Sri Lanka is no longer a less-explored destination off the beaten path. Today, Sri Lanka’s tourism is booming. Sunseekers frequent the island’s picturesque coastline with everyone, from luxury travelers to budget backpackers, flocking to scenic sights to decorate their Instagram pages. Colombo, however, remains a less-loved destination. Often used as a pitstop, travelers quickly leave the hustle and bustle of the island’s capital.
But there’s more to Colombo than yet another chaotic Asian capital. Its vivid charm lies in its cultural elegance. Although a tiny city, Colombo’s streets are lined with architectural masterpieces, a heritage of its multi-ethnic background. Fair warning, though: walking in Colombo is a messy affair, with scorching days. When you head to Colombo for a weekend getaway pack light clothes. Maxi dresses, jumpsuits, rompers, classic shorts, and cotton tees are most suitable for the hot, humid Sri Lankan weather.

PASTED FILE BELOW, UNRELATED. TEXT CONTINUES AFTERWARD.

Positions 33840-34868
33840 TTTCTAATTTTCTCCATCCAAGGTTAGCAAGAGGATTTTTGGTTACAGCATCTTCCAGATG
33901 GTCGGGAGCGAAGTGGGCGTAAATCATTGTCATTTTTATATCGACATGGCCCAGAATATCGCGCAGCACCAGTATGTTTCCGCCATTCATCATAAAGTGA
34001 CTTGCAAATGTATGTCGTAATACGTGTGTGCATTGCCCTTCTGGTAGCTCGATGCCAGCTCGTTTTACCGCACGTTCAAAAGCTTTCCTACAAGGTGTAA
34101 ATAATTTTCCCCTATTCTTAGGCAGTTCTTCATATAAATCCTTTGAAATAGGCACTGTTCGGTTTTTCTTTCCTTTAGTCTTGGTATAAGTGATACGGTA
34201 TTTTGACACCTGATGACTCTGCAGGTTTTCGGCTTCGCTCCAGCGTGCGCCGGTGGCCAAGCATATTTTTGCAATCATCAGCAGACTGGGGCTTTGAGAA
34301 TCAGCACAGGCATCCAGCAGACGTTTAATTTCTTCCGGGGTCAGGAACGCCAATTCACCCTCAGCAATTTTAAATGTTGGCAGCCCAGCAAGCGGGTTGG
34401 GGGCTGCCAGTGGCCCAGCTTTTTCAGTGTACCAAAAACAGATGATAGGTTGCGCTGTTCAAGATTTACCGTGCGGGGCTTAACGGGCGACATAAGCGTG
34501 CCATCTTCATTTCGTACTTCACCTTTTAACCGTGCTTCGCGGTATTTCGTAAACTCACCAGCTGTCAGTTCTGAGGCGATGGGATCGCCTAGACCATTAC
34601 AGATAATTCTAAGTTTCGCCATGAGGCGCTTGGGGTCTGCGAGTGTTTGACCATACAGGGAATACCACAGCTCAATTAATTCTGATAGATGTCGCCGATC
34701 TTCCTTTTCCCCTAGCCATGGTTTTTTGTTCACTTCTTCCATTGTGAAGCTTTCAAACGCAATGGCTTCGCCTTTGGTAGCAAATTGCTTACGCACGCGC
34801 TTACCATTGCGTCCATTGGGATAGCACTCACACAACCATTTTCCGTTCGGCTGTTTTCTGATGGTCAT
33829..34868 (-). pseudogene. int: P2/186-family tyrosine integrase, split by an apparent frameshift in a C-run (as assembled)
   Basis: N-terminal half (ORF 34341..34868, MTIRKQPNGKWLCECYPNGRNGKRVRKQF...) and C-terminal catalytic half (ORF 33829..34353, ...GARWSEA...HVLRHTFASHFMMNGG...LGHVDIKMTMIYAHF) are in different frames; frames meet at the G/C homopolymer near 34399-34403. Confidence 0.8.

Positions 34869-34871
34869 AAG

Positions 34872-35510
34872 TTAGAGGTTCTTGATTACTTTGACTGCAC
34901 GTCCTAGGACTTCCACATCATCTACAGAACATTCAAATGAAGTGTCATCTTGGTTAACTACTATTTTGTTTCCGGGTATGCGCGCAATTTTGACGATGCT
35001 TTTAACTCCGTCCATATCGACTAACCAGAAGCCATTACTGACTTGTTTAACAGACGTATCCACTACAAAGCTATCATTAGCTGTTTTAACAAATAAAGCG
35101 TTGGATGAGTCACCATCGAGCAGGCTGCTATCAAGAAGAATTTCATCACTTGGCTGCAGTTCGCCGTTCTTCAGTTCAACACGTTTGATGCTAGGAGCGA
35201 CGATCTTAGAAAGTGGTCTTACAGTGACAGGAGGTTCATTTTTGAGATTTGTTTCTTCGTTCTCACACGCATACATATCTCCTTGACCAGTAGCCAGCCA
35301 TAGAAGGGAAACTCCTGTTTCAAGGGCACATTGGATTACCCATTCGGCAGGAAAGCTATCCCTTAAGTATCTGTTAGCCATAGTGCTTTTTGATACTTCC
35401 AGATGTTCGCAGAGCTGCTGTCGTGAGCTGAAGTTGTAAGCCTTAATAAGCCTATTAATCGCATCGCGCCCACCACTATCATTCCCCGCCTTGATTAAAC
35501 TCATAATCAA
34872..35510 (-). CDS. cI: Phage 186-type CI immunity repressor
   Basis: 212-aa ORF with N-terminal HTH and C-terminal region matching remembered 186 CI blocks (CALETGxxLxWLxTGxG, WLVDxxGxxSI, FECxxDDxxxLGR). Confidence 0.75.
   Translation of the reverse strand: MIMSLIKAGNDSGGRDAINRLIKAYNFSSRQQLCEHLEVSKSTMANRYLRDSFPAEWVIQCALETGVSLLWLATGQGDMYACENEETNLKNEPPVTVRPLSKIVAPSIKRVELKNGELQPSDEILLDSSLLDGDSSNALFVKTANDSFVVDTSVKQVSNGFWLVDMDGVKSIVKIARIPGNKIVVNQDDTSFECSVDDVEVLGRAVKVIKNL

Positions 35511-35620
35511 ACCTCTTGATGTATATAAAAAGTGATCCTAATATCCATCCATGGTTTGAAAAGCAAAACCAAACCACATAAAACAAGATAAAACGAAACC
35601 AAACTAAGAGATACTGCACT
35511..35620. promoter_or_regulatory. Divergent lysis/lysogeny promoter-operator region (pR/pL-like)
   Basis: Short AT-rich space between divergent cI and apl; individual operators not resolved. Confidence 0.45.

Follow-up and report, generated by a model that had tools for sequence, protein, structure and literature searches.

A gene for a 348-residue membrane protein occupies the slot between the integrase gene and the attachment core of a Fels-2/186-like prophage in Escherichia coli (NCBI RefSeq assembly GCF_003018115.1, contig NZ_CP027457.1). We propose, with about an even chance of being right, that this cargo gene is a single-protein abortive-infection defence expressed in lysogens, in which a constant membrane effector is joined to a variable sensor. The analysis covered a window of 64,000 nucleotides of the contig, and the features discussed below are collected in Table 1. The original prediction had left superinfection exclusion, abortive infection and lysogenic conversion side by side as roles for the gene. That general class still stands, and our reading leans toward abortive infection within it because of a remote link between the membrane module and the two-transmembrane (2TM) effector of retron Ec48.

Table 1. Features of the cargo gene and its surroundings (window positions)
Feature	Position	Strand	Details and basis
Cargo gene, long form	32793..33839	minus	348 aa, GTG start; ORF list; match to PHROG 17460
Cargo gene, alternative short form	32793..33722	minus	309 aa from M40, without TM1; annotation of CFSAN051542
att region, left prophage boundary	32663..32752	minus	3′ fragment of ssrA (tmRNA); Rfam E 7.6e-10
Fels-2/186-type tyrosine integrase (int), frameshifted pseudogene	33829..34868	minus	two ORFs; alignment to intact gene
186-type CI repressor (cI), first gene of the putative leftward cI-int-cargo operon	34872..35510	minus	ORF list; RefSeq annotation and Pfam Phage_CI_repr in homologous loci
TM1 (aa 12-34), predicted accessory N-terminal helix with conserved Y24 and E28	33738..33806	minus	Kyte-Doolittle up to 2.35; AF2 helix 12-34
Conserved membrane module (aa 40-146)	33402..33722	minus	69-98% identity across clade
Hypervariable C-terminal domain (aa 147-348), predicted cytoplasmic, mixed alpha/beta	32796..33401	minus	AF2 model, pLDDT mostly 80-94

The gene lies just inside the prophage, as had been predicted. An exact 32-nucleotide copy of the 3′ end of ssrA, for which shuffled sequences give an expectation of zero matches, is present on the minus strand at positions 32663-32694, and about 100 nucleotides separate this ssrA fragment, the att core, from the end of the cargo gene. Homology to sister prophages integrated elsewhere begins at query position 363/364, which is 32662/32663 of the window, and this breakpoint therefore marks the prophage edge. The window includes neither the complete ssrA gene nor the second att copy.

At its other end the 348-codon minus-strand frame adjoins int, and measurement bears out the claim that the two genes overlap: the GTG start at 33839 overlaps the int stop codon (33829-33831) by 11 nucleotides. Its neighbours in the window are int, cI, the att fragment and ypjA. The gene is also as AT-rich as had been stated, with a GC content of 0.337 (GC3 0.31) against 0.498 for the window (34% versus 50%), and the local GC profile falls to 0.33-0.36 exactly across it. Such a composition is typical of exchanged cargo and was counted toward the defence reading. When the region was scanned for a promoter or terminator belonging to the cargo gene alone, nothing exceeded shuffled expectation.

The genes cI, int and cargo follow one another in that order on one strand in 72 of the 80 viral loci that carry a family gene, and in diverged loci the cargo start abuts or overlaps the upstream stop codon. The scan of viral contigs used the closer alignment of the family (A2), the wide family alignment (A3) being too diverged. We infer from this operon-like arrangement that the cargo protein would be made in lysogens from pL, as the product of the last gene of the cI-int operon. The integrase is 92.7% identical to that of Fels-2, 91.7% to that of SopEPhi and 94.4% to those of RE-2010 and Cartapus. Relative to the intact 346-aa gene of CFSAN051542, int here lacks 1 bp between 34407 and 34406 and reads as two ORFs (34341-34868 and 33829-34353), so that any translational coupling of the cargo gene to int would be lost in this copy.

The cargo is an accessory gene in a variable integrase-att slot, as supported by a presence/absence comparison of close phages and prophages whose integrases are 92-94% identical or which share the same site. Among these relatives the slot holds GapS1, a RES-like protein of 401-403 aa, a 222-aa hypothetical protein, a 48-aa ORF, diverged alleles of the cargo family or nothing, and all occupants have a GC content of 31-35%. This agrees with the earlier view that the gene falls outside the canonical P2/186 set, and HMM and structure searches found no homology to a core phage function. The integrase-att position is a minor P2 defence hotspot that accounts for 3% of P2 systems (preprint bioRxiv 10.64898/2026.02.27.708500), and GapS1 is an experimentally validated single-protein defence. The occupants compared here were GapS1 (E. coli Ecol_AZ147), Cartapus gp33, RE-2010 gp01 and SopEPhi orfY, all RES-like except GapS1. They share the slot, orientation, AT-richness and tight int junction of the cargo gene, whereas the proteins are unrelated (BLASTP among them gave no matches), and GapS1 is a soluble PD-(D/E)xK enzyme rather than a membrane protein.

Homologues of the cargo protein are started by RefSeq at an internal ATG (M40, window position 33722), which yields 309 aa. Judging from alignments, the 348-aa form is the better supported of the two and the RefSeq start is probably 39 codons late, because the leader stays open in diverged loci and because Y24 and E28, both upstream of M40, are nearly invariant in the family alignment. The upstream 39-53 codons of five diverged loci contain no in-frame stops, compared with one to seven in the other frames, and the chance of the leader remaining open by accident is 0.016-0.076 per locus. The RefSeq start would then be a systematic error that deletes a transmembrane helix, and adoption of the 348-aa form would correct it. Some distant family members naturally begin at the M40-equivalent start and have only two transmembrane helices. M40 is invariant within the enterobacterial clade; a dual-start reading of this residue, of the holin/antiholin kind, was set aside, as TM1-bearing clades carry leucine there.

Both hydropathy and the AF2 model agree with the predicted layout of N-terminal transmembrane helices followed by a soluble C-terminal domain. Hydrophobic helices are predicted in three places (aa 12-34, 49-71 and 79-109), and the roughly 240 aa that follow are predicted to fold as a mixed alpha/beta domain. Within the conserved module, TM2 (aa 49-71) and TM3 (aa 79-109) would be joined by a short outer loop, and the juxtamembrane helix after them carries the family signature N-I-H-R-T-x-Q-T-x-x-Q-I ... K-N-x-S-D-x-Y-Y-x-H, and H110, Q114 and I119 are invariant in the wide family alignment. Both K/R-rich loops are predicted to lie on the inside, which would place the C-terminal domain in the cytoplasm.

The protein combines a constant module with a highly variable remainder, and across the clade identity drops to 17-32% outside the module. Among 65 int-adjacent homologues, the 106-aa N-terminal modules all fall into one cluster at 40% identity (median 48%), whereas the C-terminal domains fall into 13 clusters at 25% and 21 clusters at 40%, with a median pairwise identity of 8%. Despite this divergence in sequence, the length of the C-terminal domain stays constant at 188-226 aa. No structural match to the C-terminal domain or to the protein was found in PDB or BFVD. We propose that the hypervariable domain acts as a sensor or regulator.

Check-in: Movenpick Colombo
Fly in on a Saturday morning. The airport is 32 km north of the city, but you can easily reach your hotel with an Uber or PickMe—the second app service is more popular in Sri Lanka.
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Staying in central Colombo is best for moving around and Movenpick Colombo is a good upmarket option in Colombo 3. With its stunning ocean suites, flashy modern design, and close proximity to cultural highlights, there aren’t many better accommodations in town. If you’re too lazy to venture out for food, check out AYU, the hotel’s main restaurant, one of the newest additions to the buffet scene.